Passion and Reason in Othello

Passion and Reason in Othello

Considering that ancient times, philosophers have considered the issue of balancing reason and passion. Misconceptions like the fall of Icarus inform of the calamities that take place when one takes precedence over the other– in this example, when passion supersedes reason. In his play Othello, Shakespeare illustrates this exact same dilemma in an altogether various style. 3 characters– Roderigo, Othello, and Iago– let passion override reason, with disastrous outcomes. Roderigo’s infatuation with Desdemona dominates his good sense.

At the beginning of the play, Roderigo is a rich young Venetian who had actually formerly stopped working to woo Desdemona. When he finds out of her marital relationship to Othello, Roderigo is heartbroken, and he irrationally threatens to “incontinently drown [himself] (I. iii. 305)”. Benefiting from this weakened state, Iago, under the premise of assisting in the wooing of Desdemona, obtains large amounts of money from Roderigo and convinces the boy to eliminate an opponent of his, Cassio. So desperately in love with Desdemona, Roderigo agrees with the plan and is eventually eliminated by his benefactor, Iago.

Roderigo’s passion for Desdemona had led him to attempted murder, hardship, and death. Both Roderigo and Othello let their love for Desdemona overrule reason. Othello begins the play as a high-ranking basic newly wed to Desdemona. He speaks just and eloquently, and is able to stop a conflict with only his words: “Keep up your brilliant swords, for the dew will rust them. (I. ii. 58-9)” His temperament shifts when Iago, his envious ensign, persuades him that Desdemona betrays, changing his enthusiastic love into fury.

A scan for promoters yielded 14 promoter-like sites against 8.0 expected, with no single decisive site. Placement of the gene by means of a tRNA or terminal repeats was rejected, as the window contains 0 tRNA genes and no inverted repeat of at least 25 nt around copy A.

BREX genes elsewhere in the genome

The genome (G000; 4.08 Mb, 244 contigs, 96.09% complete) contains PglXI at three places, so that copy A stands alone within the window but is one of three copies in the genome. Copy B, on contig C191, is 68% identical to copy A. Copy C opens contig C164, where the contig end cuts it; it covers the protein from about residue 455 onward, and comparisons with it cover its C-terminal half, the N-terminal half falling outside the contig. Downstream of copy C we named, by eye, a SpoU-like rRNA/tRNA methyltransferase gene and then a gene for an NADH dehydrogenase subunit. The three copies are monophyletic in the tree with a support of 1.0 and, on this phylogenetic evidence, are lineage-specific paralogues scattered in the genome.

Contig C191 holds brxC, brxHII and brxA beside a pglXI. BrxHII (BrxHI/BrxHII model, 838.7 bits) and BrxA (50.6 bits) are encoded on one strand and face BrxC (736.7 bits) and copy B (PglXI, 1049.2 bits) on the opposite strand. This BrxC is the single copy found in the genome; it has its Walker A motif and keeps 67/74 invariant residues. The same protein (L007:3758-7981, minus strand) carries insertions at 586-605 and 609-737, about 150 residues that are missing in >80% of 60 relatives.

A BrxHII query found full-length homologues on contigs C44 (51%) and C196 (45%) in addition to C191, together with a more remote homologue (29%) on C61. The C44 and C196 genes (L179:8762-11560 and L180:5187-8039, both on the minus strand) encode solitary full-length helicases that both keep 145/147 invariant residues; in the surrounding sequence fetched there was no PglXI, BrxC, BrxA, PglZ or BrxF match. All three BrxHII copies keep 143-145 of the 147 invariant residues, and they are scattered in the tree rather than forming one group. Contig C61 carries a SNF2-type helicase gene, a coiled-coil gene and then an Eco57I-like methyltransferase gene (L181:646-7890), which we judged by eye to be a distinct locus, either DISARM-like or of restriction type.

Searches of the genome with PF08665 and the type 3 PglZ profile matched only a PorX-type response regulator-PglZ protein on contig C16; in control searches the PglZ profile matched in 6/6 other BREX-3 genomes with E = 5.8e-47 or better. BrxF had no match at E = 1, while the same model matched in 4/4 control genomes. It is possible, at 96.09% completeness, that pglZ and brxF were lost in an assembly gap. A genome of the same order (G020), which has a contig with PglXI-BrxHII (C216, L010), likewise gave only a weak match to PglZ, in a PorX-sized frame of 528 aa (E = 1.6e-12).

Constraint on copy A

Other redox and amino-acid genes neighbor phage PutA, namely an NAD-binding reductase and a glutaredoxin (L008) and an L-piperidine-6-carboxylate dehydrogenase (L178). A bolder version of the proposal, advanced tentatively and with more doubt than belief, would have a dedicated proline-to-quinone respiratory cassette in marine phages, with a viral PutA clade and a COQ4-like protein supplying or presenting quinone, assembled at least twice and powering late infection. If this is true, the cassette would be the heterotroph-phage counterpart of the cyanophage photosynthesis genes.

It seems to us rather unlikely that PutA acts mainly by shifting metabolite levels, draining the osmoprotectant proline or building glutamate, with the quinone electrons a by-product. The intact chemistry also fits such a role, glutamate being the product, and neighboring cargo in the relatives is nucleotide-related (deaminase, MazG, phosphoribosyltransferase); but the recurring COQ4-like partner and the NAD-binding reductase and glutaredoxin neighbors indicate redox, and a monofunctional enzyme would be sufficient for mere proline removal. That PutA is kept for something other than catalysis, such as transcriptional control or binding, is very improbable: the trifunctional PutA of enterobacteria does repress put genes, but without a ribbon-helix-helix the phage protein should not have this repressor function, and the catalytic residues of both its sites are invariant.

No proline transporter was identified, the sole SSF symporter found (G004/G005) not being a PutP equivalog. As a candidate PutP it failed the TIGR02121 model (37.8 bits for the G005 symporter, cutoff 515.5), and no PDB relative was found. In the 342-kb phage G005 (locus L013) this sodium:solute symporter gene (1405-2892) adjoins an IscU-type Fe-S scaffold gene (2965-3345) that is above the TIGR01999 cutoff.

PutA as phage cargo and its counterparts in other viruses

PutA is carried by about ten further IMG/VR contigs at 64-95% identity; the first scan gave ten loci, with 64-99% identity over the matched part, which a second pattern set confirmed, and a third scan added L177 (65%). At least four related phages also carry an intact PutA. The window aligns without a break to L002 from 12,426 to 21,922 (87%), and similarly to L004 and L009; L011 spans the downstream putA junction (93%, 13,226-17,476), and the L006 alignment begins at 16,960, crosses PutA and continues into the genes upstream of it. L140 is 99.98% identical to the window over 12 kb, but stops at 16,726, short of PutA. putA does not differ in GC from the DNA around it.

He fiercely declares his “sweet Desdemon” (III. iii. 56) to be a “raunchy minx” (III. iii. 477), and irrationally accosts his better half with allegations she understands nothing about. His enthusiasm blinds him to the truth that Iago had actually incorrectly accused her, and his previous eloquence is transformed into savage ramblings. His anger sways him to the decision to murder Desdemona. Subsequently, he discovers that she is innocent, and kills himself in grief. Othello had started the play as an affordable guy, however his crazy passion culminates into the death of both his other half and himself.

His is the starkest tale of passion bypassing factor: factor had actually forsaken him, and that result in his death. Othello succumbs to enthusiasm since of the controls of others, however Iago leads himself to his doom. Early in the play, Iago is aware of the dilemma of balancing enthusiasm and reason, thinking that “we have factor to cool our raving movements, our carnal stings, our unbitted desires” (I. iii. 331-3). Iago believes he can control his passion with reason, but falls victim to the features of passion himself.

His statements of hatred towards Othello scatter the play, and, for the “simple suspicion” (I. iii. 391) that Othello has actually slept with his partner, he is embattled with the desire for revenge. His thirst for revenge leads him to the actions of an illogical guy: he drives Othello to fury with accusations of Desdemona’s unfaithfulness, threatens Emilia, his better half, and murders Roderigo. Iago’s obsession drives him to hurt those undeserving of his hatred, even after he reaches his goals of promotion and messing up Othello: he kills Emilia, in the hopes of silencing her.

Iago’s enthusiasm for revenge leads him to murder, and his actions do not go unpunished– it is chosen to abuse Iago for his criminal offenses. With the departure of factor, enthusiasm engulfs Roderigo, Othello, and Iago. The features of enthusiasm lead them to death, torture, and bad luck. Because ancient times, philosophers have actually cautioned against prioritizing enthusiasm over factor. In some ways, the tale of Othello parallels that of the Ancient Greek figure Icarus– in spite of all warnings, they end up being victims of fascination, leading to their plummets from the sun.